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The Bronx Zoo’s Cobra on Twitter: Marketing Gold in the Making


As you’ve probably heard, one of the snakes at the Bronx Zoo disappeared earlier this week. It didn’t take long for the snake to start tweeting. The spoof account, which you can find at @BronxZoosCobra has over 184,000 followers as I’m writing this, with more followers jumping on board every minute.

While I’ll admit that his tweets are pretty hilarious, a friend of mine did make a good point that it won’t be so funny if the real-life snake actually kills someone before it’s captured.

Still, it’s pretty ingenious the way the snake is replying to people and promoting NYC locations – there’s definitely marketing potential there if whoever is running the account goes that route. Already, business twitter accounts like @HiltonNewYork and @sesamestreet have gotten some snake love, as have locations like Planet Rose in the East Village, where the snake was apparently doing karaoke (White Snake, of course) and Metropolitan Museum of Art, where “The Temple of Dendur really kicks some asp.”

People following the snake probably don’t even realize the advertising going on here. And, to be fair, the person running the twitter account may not realize the potential either. I think it’s really smart, though – and long after the snake is captured, this could continue to be a great way to promote NYC events. As long as the account continues to be funny, people will continue to follow it. As Super Bowl advertisers learned long ago, people respond will to humor.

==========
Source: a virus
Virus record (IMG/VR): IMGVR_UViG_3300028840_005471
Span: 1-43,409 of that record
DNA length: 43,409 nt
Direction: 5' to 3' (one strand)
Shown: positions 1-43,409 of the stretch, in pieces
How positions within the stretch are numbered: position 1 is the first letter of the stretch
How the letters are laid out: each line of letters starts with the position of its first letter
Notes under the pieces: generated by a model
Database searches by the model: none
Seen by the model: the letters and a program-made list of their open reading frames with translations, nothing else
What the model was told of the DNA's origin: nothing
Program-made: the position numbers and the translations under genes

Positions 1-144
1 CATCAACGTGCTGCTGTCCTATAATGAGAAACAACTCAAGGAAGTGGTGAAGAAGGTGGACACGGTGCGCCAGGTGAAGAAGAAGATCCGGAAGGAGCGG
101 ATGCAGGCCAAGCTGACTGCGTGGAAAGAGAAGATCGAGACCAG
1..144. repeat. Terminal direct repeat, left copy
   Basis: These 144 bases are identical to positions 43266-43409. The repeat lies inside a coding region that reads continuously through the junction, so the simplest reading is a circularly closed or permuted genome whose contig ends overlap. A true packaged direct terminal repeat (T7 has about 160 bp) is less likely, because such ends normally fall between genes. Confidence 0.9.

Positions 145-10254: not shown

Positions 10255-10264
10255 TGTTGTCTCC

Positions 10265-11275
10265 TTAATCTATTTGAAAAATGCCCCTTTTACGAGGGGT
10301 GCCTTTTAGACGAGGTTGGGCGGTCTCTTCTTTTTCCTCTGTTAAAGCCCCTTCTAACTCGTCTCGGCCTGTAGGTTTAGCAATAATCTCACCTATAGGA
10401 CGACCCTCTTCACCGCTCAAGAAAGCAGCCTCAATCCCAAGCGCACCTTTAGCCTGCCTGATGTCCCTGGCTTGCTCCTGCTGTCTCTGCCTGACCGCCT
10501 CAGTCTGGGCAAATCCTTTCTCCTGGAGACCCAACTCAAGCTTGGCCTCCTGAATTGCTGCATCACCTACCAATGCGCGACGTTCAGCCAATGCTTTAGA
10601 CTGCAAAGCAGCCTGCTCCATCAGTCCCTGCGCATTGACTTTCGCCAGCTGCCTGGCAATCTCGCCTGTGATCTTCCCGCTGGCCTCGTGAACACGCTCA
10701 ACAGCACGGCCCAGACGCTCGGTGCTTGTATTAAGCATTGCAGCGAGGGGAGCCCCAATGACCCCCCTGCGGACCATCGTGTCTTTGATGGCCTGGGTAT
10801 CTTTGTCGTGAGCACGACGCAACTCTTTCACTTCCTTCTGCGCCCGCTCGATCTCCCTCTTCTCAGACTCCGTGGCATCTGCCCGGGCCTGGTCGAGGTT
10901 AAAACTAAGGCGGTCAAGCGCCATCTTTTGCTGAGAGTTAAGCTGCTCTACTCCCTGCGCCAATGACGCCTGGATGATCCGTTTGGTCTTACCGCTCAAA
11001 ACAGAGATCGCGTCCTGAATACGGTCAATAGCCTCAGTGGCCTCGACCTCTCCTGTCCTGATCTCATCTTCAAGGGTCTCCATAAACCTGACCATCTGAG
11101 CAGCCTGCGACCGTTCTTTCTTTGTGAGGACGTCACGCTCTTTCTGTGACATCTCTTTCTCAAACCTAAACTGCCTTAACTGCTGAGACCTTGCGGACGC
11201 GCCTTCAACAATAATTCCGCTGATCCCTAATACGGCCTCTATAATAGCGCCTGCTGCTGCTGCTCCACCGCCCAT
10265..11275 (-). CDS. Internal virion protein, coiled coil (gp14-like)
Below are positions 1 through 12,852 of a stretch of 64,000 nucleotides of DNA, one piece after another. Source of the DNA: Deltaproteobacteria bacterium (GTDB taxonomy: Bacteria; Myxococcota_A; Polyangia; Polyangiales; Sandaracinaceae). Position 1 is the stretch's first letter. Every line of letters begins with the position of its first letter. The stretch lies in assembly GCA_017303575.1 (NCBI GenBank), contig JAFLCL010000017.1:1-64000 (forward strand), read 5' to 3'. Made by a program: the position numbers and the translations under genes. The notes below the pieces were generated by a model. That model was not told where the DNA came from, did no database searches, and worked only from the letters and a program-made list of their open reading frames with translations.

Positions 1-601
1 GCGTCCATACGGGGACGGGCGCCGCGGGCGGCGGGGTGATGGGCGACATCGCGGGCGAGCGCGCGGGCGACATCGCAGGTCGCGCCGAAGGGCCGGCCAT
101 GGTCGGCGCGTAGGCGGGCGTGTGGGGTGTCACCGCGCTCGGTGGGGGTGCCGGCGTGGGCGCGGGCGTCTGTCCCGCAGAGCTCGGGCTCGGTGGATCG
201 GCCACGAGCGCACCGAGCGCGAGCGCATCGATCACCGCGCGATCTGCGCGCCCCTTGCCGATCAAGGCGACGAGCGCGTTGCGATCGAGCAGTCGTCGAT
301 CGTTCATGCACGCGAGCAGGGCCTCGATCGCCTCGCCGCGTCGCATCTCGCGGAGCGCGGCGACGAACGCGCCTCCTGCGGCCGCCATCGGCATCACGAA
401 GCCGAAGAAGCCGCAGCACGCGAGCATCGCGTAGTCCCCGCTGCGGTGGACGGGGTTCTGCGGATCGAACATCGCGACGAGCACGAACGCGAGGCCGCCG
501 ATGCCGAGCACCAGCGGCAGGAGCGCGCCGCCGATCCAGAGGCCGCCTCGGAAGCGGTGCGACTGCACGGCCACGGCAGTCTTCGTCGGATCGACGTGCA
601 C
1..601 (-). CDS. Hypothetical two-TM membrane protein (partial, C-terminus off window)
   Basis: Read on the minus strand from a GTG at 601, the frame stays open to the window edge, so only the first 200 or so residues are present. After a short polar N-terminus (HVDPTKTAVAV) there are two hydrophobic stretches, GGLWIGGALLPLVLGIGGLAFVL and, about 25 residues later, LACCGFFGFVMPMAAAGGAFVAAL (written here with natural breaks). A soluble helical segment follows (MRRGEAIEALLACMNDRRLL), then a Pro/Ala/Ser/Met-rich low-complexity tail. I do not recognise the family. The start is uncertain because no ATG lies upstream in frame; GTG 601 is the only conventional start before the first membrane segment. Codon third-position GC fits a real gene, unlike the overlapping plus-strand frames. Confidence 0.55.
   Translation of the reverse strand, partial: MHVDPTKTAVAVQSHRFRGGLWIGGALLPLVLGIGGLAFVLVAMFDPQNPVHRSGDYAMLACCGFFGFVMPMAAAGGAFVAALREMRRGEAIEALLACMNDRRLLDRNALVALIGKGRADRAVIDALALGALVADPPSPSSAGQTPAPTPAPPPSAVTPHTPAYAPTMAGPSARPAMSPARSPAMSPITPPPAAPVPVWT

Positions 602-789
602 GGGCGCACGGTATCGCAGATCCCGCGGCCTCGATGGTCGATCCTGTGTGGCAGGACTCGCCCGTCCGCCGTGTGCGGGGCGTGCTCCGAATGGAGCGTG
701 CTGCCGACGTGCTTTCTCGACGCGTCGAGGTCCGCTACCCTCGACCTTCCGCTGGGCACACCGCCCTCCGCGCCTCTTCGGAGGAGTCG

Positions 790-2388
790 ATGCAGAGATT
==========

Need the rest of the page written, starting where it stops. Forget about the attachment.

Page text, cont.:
In my opinion, if it isn’t already being run by someone at the Bronx Zoo, they should approach the person who so ingeniously jumped on the opportunity and work out a deal. This could be a great marketing tool for the zoo in the future – the cobra could even become a spokesperson…er, snake…for the zoo, announcing new exhibits and promoting zoo events. It could potentially mean a lot of new visitors to the zoo, and that means more profits. It’s a win-win situation.

Again, it’s important to note that the actual problem of the missing snake is serious. According to reports I’ve read, cobras make rattlesnakes look like kittens and a snake like this can stay hidden for a long time before traps can work. They can kill a human in 15 minutes. While the zoo asserts that the snake is somewhere in the building, there’s really no way to know for sure (though I will agree that it is highly unlikely the snake would venture out into the cold with all the nooks and crannies in a reptile house to explore instead). So, although talking about the marketing potential for a light-hearted Twitter account is fun, I do want to send my sincerest wishes for a speedy capture of the snake to avoid any injuries or worse.



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